At their simplest, the sounds that surround us — from a baby’s cry to heavy metal — are merely vibrations in the air. It’s the job of the ears to capture those vibrations and convert them into neural signals that can be processed by the brain, enabling us to make sense of our aural environment.
How does the conversion from mechanical vibration to electrical signal occur? Harvard scientists are closing in on answers.
The latest step is a study by Professor of Molecular and Cellular Biology Rachelle Gaudet, Ohio State University Assistant Professor Marcos Sotomayor, and first author Robert Powers ’14. The research, described in a March 7 paper in Structure, not only sheds new light on how hearing works, but could help scientists clarify how it might deteriorate or be damaged over time.
“This is an important part of the machinery that enables us to hear … so what we’re trying to do is assemble a parts list of the machinery that does this conversion,” Gaudet said. “The proteins we have been studying are two members of a family of proteins, about 110 of which are found in our genome. These proteins are involved in processes like cell adhesion and intercellular signaling, so by studying these two, we also hope to get a view into what features you might find in the others.”
As the cochlea vibrates in response to sound, she explained, the hairs move, causing tip links to stretch and open ion channels on the hairs. As positively charged ions flow in, they generate the electrical signals the brain uses to process sounds.
“We’re zooming in to understand what that tip link actually looks like at the atomic level,” Gaudet said. “One of the questions we want to answer is whether that tip link connection is springy or stiff. Is it like a rod, or is it like a rope, or like a rubber band?
“But we also want to understand its mechanical strength,” she said. “We want to understand the limits of this mechanical system and how robust it can be. We know if you go to a rock concert you’ll probably break a few of these links. They can regenerate, but if you break them faster than they can regenerate it will result in hearing loss.”
The links are made up of two proteins, cadherin-23 and protocadherin-15. Gaudet and colleagues had previously focused on the area where the two proteins meet; their new work moves on to other regions.
“We’re basically doing this in pieces so we can get a view of how the whole structure might work,” Gaudet said. “Eventually, our goal is to be able to reconstruct the whole tip link, but we were particularly interested in looking at this region because there are some unusual features here.”
Among those, she said, are signs that some areas of the protein are more flexible than others.
Calcium in the endolymph — the fluid in the inner ear — binds to the proteins, helping increase the strength and rigidity of the tip link, Gaudet said. In several areas, however, that process never takes place.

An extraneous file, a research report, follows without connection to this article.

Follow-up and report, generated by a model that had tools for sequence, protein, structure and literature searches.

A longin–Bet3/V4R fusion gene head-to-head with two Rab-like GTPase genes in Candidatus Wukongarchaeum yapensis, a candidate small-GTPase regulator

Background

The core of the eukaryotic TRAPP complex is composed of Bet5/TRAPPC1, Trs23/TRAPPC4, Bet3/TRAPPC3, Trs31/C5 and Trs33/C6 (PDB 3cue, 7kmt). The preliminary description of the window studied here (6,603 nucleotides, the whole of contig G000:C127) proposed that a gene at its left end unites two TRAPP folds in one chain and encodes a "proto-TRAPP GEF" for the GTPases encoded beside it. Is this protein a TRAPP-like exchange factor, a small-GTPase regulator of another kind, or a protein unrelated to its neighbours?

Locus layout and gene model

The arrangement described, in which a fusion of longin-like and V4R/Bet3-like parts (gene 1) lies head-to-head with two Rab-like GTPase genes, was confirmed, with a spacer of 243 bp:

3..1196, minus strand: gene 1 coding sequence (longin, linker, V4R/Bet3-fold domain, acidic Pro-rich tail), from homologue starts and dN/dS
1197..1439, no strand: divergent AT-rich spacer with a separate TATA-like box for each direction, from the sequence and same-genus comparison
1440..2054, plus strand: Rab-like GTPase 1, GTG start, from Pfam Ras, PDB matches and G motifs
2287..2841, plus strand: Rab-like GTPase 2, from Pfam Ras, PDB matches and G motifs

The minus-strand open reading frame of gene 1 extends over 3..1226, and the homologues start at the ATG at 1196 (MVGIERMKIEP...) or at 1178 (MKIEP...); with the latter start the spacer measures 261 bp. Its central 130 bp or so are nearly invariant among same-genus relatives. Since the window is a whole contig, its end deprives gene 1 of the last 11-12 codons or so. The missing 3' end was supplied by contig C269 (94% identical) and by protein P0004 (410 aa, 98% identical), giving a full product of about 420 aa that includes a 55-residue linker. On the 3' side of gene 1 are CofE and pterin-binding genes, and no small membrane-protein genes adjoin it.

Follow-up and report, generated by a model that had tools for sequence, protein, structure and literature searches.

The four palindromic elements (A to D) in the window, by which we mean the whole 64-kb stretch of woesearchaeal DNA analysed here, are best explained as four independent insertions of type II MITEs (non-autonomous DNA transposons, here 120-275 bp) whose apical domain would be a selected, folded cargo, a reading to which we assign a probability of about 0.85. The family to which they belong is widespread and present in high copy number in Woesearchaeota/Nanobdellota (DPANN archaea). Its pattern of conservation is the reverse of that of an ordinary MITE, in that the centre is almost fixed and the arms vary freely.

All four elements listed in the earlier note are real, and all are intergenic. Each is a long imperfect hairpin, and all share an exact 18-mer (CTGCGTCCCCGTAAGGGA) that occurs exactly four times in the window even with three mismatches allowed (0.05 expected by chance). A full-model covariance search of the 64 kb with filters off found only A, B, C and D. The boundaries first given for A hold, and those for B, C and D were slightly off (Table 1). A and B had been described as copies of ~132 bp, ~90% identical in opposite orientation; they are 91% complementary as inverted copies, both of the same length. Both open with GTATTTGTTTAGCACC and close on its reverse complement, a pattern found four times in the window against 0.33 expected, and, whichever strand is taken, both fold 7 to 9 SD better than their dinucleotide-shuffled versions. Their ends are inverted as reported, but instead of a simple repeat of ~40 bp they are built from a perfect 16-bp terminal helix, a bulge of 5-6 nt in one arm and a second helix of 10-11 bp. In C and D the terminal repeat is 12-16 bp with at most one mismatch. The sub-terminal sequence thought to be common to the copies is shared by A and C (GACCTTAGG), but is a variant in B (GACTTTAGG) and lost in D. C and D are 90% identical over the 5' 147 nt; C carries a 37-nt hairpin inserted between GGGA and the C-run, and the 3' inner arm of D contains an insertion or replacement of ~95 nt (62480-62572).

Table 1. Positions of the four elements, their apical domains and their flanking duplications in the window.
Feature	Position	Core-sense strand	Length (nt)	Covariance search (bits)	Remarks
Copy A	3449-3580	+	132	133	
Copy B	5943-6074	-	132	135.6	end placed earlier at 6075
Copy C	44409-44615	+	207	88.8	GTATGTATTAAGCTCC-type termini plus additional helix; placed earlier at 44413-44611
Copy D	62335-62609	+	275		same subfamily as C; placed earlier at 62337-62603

“In the long protocadherin-15 sequence, we expect to find amino acids capable of binding calcium at regular intervals, but in this area of the protein many of them just weren’t there,” she said. “We wanted to see what that looked like … and it appears this has an effect on the flexibility. Our molecular dynamic simulations showed that in areas where there is a lack of calcium, there is an increase in flexibility.”
The potential explanations for why those regions bind less calcium aren’t limited to an increase in flexibility.
“We believe there are other, similar joints at other locations along the tip link, so instead of being like a rigid rod, it may be more like a rope,” Gaudet said. “This could provide some more robustness and enable it to withstand the strong forces it is exposed to. But it might also be something that makes the assembly of the tip link easier, so it more readily finds its way to the tips of the hairs.”
Gaudet and colleagues also targeted the area with the hope of understanding how and whether a tiny mutation, found to be prevalent among East Asian populations, produces any discernible structural differences in the tip links.
“Unfortunately, we couldn’t find any difference,” she said. “We ran it through a battery of tests, we did simulations to examine its flexibility, we looked at how well it binds the calcium, and it doesn’t seem to affect any of the measurements we made.”
Ultimately, Gaudet said, understanding how hearing works can shed new light on how the system behind it might break down, and how it might be repaired.
“There are over 50, and maybe as many as 60 different deafness-causing mutations that have been identified in these tip links,” Gaudet said. “Some are very subtle — they might be a change in just a single amino acid that weakens the tip links and causes deafness. If we understand how these structures work, we can better understand how they might fail, and how we might stop or correct it.”